In 2020, Convene associate editor Casey Gale wrote about two associations who, like many others during the pandemic, made the move from in-person events to online-only experiences. She recently checked in with the Society for Industrial and Organizational Psychology (SIOP) and the American Society for Nutrition (ASN) to learn what they are doing differently this year.
ASN’s Nutrition 2021 Live Online Has a New Pricing Model
In June 2020, the American Society for Nutrition (ASN) debuted Nutrition 2020 Live Online, a free digital event that attracted nearly 10 times ASN’s usual number of in-person attendees, for a total of 30,000 participants over the course of the event.
This year’s ASN event, June 7-10, was initially planned to take place in Boston, but due to ongoing COVID-19 concerns, will be fully digital for the second year in a row. But Mary Pat Cornett, CAE, CMP, chief strategy and operations officer for ASN, is looking at this on the bright side.
“As much as we wish we were going to Boston as planned, having another virtual meeting is a perfect way to further solidify our relationship with these new customers before we start to bring them to an in-person or hybrid event next year,” she told Convene.
While the complimentary registration offering isn’t sustainable for a second consecutive virtual event, ASN has worked out a pricing model that Cornett thinks is still attainable for attendees.
“We determined a $195 max price point for members as the sweet spot where we felt that most could attend,” Cornett said, adding that the non- member cost is double that to keep the incentive for membership. The organization is offering registration discounts for students, early-career professionals, and retirees. For those in need of financial aid, there’s a hardship waiver “due to the ongoing significant challenges COVID-19 has placed on the scientific and educational communities,” Cornett said.
Last year, ASN’s foundation (ASNF) sponsored the meeting in its entirety to provide complimentary registration; this year, ASN will accept foundation donations in the registration process “to fund the subsidies, discounts, and waivers,” Cornett said. “After hosting the largest, most inclusive nutrition meeting ever held [in 2020], we were committed to minimizing barriers to attendance as we moved to a fee-based model for 2021. … The entire community benefited from coming together, and there is big enthusiasm around doing that again this year. Our people are very generous.”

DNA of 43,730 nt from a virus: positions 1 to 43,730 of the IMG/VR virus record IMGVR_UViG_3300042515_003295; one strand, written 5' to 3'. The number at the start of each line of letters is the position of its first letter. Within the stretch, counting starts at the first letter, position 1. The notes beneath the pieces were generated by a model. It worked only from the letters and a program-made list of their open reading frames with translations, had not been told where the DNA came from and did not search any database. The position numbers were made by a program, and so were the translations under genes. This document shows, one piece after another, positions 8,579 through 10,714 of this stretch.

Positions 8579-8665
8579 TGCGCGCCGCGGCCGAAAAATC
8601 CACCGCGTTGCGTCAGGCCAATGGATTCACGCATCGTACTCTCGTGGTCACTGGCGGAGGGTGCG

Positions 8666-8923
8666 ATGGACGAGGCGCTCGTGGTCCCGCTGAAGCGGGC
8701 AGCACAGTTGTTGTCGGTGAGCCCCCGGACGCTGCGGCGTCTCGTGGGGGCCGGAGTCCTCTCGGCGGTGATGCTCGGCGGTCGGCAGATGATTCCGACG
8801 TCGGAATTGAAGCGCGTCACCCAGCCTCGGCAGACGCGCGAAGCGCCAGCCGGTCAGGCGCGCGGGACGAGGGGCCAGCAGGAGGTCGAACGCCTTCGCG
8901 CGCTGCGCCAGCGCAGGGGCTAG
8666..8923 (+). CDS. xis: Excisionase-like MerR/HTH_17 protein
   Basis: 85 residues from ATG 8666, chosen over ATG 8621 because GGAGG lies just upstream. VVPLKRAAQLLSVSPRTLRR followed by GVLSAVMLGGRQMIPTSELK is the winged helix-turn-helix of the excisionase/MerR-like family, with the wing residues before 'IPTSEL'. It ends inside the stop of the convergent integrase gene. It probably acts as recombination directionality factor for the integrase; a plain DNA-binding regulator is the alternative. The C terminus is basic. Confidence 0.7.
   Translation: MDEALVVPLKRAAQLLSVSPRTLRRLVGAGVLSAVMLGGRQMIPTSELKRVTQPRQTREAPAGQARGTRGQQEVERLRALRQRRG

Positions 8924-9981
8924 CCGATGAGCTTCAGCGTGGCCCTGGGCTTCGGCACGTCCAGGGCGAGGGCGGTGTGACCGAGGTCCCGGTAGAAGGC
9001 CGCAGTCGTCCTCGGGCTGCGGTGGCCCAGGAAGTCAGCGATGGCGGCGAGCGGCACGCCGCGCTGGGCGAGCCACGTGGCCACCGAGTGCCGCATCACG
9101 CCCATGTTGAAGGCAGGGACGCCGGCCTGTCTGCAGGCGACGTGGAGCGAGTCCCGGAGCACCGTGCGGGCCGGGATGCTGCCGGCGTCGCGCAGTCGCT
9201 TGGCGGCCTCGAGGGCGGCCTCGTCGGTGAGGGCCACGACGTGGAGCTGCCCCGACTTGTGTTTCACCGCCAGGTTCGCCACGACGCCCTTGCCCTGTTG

SIOP Focuses on Interactive Online Experiences
In 2020, the idea of planning a digital event was “completely and 100-percent new” to the Society for Industrial and Organizational Psychology (SIOP), Scott Tonidandel, Ph.D., SIOP’s 2020 conference chair, told Convene last year.
But this year, organizers were able to confidently plan their annual conference, held digitally April 14-17, based on their experiences — both hits and misses — hosting their 2020 online event.
“Last year, there was strong desire for interactivity,” even though the program was online, said Whitney Botsford Morgan, 2021 SIOP conference chair. “A priority for the 2021 annual conference was to introduce live interactivity,” she said, which was missing from last year’s pre-recorded, asynchronous sessions.
This year’s program featured approximately 150 live synchronous educational sessions and 17 live poster sessions for more than 3,100 registrants to participate in during “Conference Week,” what Botsford Morgan referred to as the “heart of the conference.” In addition, SIOP introduced “SIOP Season” — a seven-week expanded schedule of both live and pre-recorded programming — which ran from mid-March to early May. The expanded schedule “allowed for increased participation,” Botsford Morgan said, “as it separated the intense screen time and time away from professional responsibilities.”
The conference also featured new, interactive breaks on contemporary topics using Zoom during Conference Week, as well as networking events. “We offered live synchronous events and receptions in a virtual conference venue” provided by Virtual Chair, Botsford said. Virtual Chair built a virtual venue on the Gather.town platform, “which permits freedom of movement for attendees such as they would have at an in-person conference venue,” she said. All of these initiatives focused on interactive experiences “allowed for connectivity and community building.”
Casey Gale is associate editor at Convene.